This is the assumption in the video, and it's certainly possible.
But must it be the case?

The Pirahã are an interesting example here: they didn't want to be part of the greater Brazilian political/cultural scene, and they stayed isolated, though they did some basic trading and so forth-- they weren't "uncontacted". Fast forward a few years and some controversial linguistics research* later and now they have a Brazilian school with the kids learning Portuguese. That bothers me, because it was done to them, while Everett (whatever you think of his linguistic anaysis) was just contacting them (he realized early on that his goal of teaching and converting them was not going to work-- good for them!).

So we would want to have a situation where the Brazilian government doesn't actively try to modernize them.

But what if these people then had to the choice. They can stay there (that's fine by me) or they can move to Rio, whatever they want. But that doesn't directly correlate with contact... can someone have a friendly chat with them? (Admittedly they might not be open to it.)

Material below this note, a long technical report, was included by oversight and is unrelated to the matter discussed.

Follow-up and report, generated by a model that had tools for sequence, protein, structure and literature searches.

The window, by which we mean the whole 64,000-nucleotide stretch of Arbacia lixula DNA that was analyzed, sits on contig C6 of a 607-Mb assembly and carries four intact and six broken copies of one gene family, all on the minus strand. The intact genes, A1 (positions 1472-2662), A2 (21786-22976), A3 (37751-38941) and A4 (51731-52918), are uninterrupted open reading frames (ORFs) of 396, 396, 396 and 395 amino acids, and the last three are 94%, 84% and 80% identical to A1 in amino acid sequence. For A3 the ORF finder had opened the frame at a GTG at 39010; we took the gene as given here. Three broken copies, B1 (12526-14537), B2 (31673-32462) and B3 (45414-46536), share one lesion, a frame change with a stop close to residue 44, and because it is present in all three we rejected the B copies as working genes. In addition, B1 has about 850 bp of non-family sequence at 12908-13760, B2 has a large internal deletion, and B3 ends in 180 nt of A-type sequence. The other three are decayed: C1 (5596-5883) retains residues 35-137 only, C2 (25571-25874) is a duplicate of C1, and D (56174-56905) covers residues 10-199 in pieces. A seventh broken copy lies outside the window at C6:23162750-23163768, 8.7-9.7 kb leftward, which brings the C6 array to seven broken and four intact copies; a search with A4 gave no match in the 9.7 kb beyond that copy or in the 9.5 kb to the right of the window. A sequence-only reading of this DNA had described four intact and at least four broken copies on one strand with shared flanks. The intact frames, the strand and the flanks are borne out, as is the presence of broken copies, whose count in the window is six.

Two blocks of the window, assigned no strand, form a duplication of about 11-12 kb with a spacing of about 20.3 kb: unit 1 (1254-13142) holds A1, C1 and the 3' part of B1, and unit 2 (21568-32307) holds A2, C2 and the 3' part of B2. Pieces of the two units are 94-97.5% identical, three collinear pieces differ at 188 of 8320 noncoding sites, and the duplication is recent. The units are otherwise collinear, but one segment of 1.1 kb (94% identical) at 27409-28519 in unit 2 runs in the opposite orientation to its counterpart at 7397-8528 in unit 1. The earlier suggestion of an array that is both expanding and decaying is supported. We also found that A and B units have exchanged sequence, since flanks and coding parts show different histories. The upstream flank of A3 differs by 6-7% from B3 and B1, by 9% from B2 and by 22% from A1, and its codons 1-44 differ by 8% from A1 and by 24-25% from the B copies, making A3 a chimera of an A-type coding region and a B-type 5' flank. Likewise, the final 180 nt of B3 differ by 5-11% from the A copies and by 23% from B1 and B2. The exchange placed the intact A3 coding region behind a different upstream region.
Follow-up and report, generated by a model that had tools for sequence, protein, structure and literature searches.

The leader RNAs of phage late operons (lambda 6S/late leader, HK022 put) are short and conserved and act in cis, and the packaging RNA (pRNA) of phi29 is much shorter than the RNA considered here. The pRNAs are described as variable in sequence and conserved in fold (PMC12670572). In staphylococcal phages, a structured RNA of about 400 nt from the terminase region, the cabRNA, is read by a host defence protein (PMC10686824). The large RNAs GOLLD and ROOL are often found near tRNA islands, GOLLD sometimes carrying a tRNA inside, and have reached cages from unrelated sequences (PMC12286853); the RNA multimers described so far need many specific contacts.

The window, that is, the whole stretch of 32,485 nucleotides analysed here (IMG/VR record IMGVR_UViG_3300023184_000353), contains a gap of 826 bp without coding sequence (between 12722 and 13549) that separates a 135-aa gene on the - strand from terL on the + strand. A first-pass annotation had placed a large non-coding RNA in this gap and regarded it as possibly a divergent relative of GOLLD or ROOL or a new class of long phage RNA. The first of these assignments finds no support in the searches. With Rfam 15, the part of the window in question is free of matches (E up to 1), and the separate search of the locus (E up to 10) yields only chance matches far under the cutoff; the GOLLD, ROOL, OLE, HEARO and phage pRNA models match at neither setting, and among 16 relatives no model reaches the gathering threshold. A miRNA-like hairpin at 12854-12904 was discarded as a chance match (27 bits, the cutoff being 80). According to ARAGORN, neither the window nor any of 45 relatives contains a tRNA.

[*The potential effect of Everett's research on the decisions by the Brazilian government is an interesting topic for another thread. In the general case (and without interference by Chomsky?? if that's actually true), linguistic research should not result in the government's intervention! I don't mean to imply it automatically does.]



Do let me know (reply here) what you find out about the Icelandic sagas!


And it's perfectly imaginable that with these people (even with their permission at some point) you could try the elevator experiment: walk into a room and let the doors close, then magically you are at a different height when the doors open. Such basic things about our world and our experience are completely foreign to those who don't have them.


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I think it'd be really good to drop a few hot mics in the area and see what was picked up. Imagine being able to establish a connection to a local native American language from a thousand years ago or something like that.
8) That's such an intriguing idea. Getting approval for this would be extremely difficult I imagine, but the data would be amazing.